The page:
I think that marital practices around the world support this way of looking at the benefits of homosexuality. Consider fraternal polyandry, where two brothers marry the same wife and therefore end up raising children who are either their children or their nephews/nieces. Apparently, this practice has developed in regions of Tibet where resources are very scarce. The fact that it’s connected with resource management is important. It prevents conflict over resources between siblings raising different sets of children and instead provides a greater number of resource gatherers for the same set of children. This is the same effect as would be achieved by having a homosexual uncle who plays a semi-parental role to his brother’s offspring. In other words, where biology isn’t enough to guarantee it, cultures can develop a form of marital behaviour that mimics the benefits of homosexuality.

I wonder whether consideration of resource management and marital patterns might also shed light on homophobia. Underlying the idea of the advantages of having some homosexual offspring is an assumed scarcity of resources requiring management. Of course, part of the evolutionary success of humans results from our having altered our environment, especially by making it much more resource-rich through agriculture and herding. In the face of an abundance of resources, biological interests might be best served by having all one’s offspring producing more sets of offspring, rather than collaborating on raising fewer. This would lead to pressure against homosexuality.

Again, cultural behaviour provides support for this view. Specifically, consider studies correlating the loss of matriarchal social structure with the introduction of cattle: matriarchies are good at preserving small landholdings intact, but once the economic mainstay of a group shifts to cattle herds, which, unlike landholdings, reproduce and so are divisible, the structure of the group shifts to a patriarchy (ecology and evolution). A strongly patriarchal culture is likely to stigmatise male homosexuality because it looks like a dereliction of duty or a form of subversion: abandoning the man’s dominant role and adopting, or desiring another man to adopt, one similar to the subordinate female one. If this is right, then it suggests a link between cultural homophobia and expansionist reactions to resource abundance.

So, bearing in mind that our cultural aversion to homosexuality stems from the patriarchal customs of a nomadic people, descended from herders, concerned with the conquest of new resources and a speedy increase in population, is it then any surprise that they should have stigmatised homosexuality?

I argued in my earlier posting (link) on this topic that facts about what natural don’t entail much about what’s right. And if homosexuality and homophobia both have their own natural histories, then neither has the upper hand in the naturalness stakes. However, if we ask which aspect of our nature is better adapted to the challenges facing our current societies it’s pretty obvious that expansion-driven resource domination is far inferior to resource sharing for the benefit of the next generation. Let the family “values” lobby mull that over for a while...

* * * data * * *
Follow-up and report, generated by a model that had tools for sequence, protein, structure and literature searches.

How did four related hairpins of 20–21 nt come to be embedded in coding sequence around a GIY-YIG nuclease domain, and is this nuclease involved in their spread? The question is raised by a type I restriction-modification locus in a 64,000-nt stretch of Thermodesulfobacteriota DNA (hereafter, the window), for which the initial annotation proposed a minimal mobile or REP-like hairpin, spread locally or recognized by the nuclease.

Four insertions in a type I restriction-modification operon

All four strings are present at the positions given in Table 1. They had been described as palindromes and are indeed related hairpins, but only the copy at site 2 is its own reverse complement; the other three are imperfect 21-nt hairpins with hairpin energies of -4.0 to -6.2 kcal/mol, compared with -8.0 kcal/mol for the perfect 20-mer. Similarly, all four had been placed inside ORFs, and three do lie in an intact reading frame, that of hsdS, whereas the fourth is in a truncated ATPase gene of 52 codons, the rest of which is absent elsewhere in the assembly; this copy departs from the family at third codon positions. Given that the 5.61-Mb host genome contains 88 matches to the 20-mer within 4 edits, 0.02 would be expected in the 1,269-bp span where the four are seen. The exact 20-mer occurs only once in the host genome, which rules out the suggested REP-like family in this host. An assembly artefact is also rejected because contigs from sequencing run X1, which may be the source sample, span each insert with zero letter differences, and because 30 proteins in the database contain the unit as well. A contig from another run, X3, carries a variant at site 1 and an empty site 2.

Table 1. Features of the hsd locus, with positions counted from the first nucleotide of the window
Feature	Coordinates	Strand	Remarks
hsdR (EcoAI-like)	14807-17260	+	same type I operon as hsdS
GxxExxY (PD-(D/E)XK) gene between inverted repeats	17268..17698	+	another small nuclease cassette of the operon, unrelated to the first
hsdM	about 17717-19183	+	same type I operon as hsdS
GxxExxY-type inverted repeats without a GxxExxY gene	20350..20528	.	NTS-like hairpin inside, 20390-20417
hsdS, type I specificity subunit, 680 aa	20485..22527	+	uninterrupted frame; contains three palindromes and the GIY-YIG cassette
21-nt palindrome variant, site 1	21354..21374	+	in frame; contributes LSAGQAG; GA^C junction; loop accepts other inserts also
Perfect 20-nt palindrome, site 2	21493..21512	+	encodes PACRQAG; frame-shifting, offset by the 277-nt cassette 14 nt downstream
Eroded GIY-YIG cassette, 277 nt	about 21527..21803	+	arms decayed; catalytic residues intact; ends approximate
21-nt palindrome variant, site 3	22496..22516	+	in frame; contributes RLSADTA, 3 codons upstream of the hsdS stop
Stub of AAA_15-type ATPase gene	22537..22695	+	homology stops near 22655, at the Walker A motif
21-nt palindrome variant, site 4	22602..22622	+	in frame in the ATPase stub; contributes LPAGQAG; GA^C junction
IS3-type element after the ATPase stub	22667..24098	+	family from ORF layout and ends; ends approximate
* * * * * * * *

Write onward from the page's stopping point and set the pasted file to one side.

1. Roughgarden has advanced this argument about the adaptiveness of sexual orientation and gender diversity in her 2005 book and in a 2006 Science paper. Haven't read either, but I remember listening to a radio program about the book. I wonder whether the supportive gay uncle theory makes equal sense for lesbian aunts, however, given the asymmetries in number of potential offspring and in resource exploitation.

    Arguing that homophobia is also 'adaptive' in the relevant sense is an interesting possibility although I'm not convinced it's actually a biologically determined, inheritable trait. It's far too easy to 'cure'.

  2. Hi Linnaea, thanks for the lit tips. I'll follow up. It'd be great to see the ideas sketched above worked out properly: I see from the abstract that Roughgarden uses game-theoretic formalism, which is how this should be approached, I think.

    Re the other two points you raised:

    1. Yes, the scenario I was sketching could easily lead to gender disparities in homosexuality. The PNAS article (see blog) suggests that such disparities exist. If the quantitative data is sure enough, these disparities might present an interest test scenario for a formalised game-theoretic approach such as Roughgarden's.

    2. The sense in which I was thinking homophobia might be adaptive was not a biological evolutionary, but a cultural evolutionary one: given certain resource scenarios (as in a society with not immediately finite resources which is, in consequence, capable of rapid, sustained expansion), a homophobic group might come to dominate more resources than a non-homophobic one. If so, you'd be right that homophobia is neither biologically determined, nor heritable, and so eminently curable.